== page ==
Additionally, in one embodiment, the at least one fastener may comprise a plurality of fasteners that include a central member that extends outward from back wall of the carrier member and a plurality of flexible engagement members attached to the central member, wherein the flexible engagement members are deformable so as to allow insertion of the central member into the openings in the back wall of the receptacle member, and wherein the flexible engagement members are biased outward so as to inhibit removal of the central member from the openings in the back wall of the receptacle member. Also, the video display unit may be pivotally attached to the carrier member such that the plane of the video display unit can be adjusted by a user about a pivot point or axis, wherein the video display unit may be pivotable about a substantially horizontal pivot axis, a substantially vertical pivot axis, or pivot point that allows a continuous range of pivotal motion about the pivot point. Also, the openings may be positioned in the sidewalls of the receptacle member and the plurality of capture members are positioned within the openings, and wherein the plurality of capture members define a pointed surface that engages with the outer skin and inhibits removal of the outer skin from the opening defined by the receptacle member so as to securely fasten the outer skin to the receptacle member.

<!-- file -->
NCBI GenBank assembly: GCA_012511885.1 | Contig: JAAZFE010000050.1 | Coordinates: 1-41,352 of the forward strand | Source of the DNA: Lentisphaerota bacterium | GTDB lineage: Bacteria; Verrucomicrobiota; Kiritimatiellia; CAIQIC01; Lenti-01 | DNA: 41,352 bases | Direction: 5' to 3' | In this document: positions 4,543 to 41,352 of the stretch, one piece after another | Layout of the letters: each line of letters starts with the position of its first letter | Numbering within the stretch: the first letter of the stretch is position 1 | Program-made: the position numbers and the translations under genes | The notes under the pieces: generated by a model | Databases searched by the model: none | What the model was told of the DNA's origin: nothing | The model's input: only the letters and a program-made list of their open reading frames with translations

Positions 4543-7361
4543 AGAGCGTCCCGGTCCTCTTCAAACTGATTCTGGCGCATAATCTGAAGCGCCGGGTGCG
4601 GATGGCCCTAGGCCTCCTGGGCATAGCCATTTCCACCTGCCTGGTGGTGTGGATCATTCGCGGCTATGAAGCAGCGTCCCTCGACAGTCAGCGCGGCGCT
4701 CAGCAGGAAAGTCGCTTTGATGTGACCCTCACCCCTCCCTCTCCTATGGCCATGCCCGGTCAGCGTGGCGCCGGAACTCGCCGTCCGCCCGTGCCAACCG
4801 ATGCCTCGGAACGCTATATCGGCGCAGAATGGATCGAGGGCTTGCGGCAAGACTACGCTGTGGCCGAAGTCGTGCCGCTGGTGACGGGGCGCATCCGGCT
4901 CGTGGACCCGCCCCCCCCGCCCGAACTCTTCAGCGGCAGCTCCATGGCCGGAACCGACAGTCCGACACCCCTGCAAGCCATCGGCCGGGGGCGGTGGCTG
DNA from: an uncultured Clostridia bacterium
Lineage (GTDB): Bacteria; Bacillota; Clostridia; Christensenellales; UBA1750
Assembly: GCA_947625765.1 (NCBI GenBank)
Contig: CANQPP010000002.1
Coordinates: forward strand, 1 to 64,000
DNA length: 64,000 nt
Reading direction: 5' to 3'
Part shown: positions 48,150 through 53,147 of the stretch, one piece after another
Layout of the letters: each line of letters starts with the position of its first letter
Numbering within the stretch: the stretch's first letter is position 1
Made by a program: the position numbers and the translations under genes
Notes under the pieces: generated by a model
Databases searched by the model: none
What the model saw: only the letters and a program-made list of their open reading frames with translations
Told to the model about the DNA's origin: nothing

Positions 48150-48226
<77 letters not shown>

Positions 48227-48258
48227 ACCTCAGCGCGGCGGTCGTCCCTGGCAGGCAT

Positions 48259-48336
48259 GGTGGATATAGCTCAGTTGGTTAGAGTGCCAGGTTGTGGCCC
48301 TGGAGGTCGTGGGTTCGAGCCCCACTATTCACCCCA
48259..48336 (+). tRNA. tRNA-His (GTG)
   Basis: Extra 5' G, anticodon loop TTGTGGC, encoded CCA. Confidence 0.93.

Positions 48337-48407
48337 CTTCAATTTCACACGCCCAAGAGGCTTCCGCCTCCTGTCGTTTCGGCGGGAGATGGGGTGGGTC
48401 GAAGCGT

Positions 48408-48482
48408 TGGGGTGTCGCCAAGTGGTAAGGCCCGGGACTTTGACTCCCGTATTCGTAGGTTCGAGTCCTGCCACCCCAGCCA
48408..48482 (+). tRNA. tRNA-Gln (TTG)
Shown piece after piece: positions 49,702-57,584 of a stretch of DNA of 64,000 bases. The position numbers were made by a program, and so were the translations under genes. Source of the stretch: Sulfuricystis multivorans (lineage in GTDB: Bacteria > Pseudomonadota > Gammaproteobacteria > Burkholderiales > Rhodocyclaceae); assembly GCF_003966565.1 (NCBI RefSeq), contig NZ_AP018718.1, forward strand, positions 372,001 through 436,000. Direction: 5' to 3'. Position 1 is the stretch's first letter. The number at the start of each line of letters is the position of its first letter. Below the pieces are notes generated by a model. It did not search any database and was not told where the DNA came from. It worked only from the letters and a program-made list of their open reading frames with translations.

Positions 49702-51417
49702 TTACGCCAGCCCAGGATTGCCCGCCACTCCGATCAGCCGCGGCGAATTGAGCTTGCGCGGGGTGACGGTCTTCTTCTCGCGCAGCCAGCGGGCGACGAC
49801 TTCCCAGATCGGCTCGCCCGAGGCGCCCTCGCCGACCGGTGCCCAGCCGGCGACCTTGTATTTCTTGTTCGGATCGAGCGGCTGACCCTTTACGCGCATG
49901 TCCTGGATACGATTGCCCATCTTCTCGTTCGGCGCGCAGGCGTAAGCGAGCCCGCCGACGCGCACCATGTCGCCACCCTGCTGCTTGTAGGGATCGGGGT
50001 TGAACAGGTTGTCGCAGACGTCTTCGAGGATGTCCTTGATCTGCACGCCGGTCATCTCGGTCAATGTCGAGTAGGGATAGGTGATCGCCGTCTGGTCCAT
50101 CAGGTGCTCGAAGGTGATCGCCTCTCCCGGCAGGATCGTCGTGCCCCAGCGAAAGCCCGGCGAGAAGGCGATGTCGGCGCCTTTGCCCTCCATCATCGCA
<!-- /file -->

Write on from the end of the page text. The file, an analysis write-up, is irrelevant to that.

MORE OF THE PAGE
Additionally, in certain embodiments, the seat back video display assembly includes a screen cover that is dimensioned to cover the video display unit such that the screen cover can disengageably cover the screen of the video display unit to occlude the screen. The screen cover can include an impact attenuating material, a rigid protective layer, or any combination thereof.

The aforementioned needs may also be satisfied by a vehicle seat assembly having a seat back display. In one aspect, the vehicle seat assembly may comprise a vehicle seat adapted to receive an occupant during travel of a vehicle, the vehicle seat defining a seat back with an outer contour and a skin, and a receptacle member having sidewalls and a back wall to as to define an opening, wherein the receptacle member is mounted in the seat back of the vehicle seat such that the sidewalls are located at or below the outer contour of the seat back. In addition, the vehicle seat assembly may further comprise a video display unit mounted within the receptacle member, wherein the video display unit is generally planar with the outer plane being mounted at or below the outer contour of the seat back.